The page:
Your emotional security is wrapped up in the familiar patterns of interaction which define your life. When making a life decision which requires significant change, you will encounter uncertainty and unpredictability. Moving into a future that has not yet unfolded is an uncomfortable mental process, since there is no familiarity to anchor onto. Moving into the unknown, requires trust and takes courage.

The process of making a decision is only the first stage of the movement of change that you may wish to achieve. After the decision, little action steps need to occur. Thinking needs to transform into action. In the initial stages of action, there may be little or no movement. It may feel as if you are not getting any traction. This may activate feelings of despondency and doubt. Your sense of self-empowerment may dwindle.

The unfolding process may have a paradoxical feel to it. Internally, you are likely to experience turbulence with energy pulling and pushing you in a fragmenting way. In contrast, you may feel stagnant, with no significant movement being evident when you assess your external progress. The process will require patience. Creating rigid expectations of how things will unfold and the pace thereof, may inadvertently build up frustration. Instead, try and relax and be open to the unexpected and the range of possibilities that may be waiting to emerge.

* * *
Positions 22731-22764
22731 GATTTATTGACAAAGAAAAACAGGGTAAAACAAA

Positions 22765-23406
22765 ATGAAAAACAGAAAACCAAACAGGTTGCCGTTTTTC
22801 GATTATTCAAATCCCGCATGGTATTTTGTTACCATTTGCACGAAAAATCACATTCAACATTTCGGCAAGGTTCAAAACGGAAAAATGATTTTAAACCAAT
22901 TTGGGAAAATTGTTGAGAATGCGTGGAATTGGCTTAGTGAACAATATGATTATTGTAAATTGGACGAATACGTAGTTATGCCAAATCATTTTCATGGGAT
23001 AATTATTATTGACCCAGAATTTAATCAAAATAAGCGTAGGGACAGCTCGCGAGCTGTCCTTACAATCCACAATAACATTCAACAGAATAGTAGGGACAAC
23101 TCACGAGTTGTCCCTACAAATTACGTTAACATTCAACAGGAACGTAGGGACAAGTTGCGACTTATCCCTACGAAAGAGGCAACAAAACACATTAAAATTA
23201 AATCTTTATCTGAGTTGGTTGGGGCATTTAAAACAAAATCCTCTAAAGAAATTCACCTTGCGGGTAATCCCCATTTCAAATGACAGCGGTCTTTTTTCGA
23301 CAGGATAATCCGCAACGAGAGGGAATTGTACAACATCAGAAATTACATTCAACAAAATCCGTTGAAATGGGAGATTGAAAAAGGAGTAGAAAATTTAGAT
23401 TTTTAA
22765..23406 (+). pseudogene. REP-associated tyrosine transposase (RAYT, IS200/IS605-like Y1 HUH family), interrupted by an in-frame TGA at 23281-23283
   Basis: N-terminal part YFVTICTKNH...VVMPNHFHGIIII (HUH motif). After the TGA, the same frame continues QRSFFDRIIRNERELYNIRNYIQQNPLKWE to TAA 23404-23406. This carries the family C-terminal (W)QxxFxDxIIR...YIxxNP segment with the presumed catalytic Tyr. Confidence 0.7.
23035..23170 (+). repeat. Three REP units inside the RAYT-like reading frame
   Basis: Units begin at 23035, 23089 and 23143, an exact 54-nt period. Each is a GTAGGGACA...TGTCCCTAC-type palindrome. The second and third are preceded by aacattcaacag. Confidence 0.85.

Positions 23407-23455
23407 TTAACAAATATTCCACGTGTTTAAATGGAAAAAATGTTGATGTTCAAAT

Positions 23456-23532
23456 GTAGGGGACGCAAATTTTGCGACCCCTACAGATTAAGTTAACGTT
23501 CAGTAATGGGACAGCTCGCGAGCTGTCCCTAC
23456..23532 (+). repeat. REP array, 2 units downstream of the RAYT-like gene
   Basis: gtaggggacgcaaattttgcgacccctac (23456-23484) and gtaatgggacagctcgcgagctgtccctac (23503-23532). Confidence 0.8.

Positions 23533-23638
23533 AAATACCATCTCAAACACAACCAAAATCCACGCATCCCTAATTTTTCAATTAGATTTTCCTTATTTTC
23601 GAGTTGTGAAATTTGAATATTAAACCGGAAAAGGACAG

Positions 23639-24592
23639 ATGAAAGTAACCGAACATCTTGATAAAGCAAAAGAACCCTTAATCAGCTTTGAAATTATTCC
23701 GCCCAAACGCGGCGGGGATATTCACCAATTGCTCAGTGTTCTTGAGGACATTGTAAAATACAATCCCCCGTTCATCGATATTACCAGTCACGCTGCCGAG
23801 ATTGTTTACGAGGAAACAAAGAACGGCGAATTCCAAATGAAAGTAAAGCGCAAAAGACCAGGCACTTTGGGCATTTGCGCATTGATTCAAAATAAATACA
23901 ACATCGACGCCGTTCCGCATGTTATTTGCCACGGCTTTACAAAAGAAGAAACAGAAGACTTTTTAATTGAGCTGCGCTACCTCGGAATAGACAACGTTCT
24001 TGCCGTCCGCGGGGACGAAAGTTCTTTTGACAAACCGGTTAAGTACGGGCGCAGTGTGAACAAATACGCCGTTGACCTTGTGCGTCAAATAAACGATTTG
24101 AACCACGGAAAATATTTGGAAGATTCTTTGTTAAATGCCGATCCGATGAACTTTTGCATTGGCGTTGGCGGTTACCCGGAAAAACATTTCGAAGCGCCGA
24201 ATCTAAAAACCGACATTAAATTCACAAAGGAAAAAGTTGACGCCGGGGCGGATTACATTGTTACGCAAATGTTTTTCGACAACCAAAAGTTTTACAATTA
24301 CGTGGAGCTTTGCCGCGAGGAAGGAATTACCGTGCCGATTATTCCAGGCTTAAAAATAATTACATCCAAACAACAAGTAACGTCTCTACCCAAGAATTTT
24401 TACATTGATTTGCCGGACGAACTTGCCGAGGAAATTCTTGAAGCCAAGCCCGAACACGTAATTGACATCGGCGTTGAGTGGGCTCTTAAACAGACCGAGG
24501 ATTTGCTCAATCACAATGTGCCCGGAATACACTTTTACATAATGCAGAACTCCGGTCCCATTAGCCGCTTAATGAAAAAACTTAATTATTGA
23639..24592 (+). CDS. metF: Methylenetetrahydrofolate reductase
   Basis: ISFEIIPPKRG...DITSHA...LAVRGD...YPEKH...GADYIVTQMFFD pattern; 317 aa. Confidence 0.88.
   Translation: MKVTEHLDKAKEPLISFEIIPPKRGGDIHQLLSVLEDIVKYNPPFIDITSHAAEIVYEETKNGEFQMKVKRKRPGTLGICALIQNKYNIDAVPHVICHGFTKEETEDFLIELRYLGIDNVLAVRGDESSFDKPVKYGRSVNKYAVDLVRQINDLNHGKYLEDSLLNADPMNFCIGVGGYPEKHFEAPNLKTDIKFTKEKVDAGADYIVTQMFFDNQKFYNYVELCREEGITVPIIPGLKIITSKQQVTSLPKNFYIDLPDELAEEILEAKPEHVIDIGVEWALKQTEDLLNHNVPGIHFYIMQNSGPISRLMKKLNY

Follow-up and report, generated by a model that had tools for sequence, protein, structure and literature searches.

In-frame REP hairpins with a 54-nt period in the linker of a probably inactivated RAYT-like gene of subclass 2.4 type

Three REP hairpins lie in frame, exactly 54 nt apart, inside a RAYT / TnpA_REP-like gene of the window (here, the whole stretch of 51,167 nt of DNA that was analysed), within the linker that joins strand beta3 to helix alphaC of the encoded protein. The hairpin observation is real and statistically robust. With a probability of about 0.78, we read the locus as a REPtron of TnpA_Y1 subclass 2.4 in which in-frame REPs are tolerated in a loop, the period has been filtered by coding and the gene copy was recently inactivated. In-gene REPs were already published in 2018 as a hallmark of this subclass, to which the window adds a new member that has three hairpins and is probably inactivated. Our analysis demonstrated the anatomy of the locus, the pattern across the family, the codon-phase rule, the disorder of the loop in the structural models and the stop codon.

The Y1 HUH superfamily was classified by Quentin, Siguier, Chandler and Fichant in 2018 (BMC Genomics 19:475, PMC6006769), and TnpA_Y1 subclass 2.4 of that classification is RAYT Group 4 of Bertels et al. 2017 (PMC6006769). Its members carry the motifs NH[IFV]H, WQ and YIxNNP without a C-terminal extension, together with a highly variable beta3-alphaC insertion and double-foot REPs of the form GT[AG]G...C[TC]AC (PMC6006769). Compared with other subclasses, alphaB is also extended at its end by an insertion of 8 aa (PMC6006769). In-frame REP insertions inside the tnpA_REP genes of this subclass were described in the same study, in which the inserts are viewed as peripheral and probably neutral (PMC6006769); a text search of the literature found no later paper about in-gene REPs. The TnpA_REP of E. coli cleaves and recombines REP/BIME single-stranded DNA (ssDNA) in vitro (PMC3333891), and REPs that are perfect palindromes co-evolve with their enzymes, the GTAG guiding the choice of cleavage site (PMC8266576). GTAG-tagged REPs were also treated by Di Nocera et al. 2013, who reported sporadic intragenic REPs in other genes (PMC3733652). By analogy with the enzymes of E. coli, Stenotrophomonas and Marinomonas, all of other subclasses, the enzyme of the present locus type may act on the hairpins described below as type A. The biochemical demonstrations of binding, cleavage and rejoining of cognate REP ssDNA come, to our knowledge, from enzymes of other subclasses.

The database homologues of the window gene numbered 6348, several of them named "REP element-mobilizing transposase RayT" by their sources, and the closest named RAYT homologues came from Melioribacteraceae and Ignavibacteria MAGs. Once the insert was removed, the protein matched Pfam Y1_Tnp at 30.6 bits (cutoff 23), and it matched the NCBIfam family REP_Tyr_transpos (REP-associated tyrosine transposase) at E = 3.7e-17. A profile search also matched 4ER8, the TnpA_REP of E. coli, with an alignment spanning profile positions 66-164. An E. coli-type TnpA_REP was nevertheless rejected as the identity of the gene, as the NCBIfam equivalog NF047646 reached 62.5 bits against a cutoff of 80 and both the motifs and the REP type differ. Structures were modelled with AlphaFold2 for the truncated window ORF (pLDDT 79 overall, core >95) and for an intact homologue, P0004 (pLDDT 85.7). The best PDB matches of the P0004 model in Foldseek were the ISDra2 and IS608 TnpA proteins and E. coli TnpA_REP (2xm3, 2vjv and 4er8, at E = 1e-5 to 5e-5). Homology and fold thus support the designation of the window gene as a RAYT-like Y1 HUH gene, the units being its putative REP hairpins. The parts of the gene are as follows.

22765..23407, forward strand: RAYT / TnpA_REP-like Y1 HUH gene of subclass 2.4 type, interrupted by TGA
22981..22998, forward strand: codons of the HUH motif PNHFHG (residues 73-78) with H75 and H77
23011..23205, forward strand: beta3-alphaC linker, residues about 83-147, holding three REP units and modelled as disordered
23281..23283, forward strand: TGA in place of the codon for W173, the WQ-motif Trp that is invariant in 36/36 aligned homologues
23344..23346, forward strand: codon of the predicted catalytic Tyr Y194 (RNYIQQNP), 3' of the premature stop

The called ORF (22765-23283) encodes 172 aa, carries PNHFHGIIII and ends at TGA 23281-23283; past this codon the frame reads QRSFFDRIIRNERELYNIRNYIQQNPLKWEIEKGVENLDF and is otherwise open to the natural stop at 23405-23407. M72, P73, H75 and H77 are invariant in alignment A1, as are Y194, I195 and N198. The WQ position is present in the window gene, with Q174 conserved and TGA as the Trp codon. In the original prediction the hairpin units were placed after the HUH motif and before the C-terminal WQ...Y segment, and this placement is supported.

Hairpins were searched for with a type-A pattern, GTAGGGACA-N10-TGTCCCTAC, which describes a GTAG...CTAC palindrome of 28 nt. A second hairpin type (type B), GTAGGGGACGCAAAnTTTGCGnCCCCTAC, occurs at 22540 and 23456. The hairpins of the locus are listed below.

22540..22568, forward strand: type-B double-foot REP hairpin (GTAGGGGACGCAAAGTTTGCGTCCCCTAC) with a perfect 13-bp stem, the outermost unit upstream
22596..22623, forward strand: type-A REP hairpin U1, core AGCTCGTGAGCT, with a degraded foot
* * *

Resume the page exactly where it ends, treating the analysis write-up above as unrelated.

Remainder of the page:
It is important to keep the bigger picture in mind, as well as the vision of the necessity to change, as a guiding light in the change process. These are your mental anchors. Furthermore, work on keeping emotionally light since the taxing emotional process may make you feel heavy and stuck.

Energy can be likened to fire, as well as, to water. Keeping the metaphor of moving water in mind can assist you in the process. Healthy, clear mountain water flows naturally, moving around rocks and obstacles. Water is fluid and gentle as it makes its way flowing down the mountain.

As I walked along the little river meandering in the forest, I couldn’t stop thinking about the conversation of ‘hanging around is like death’.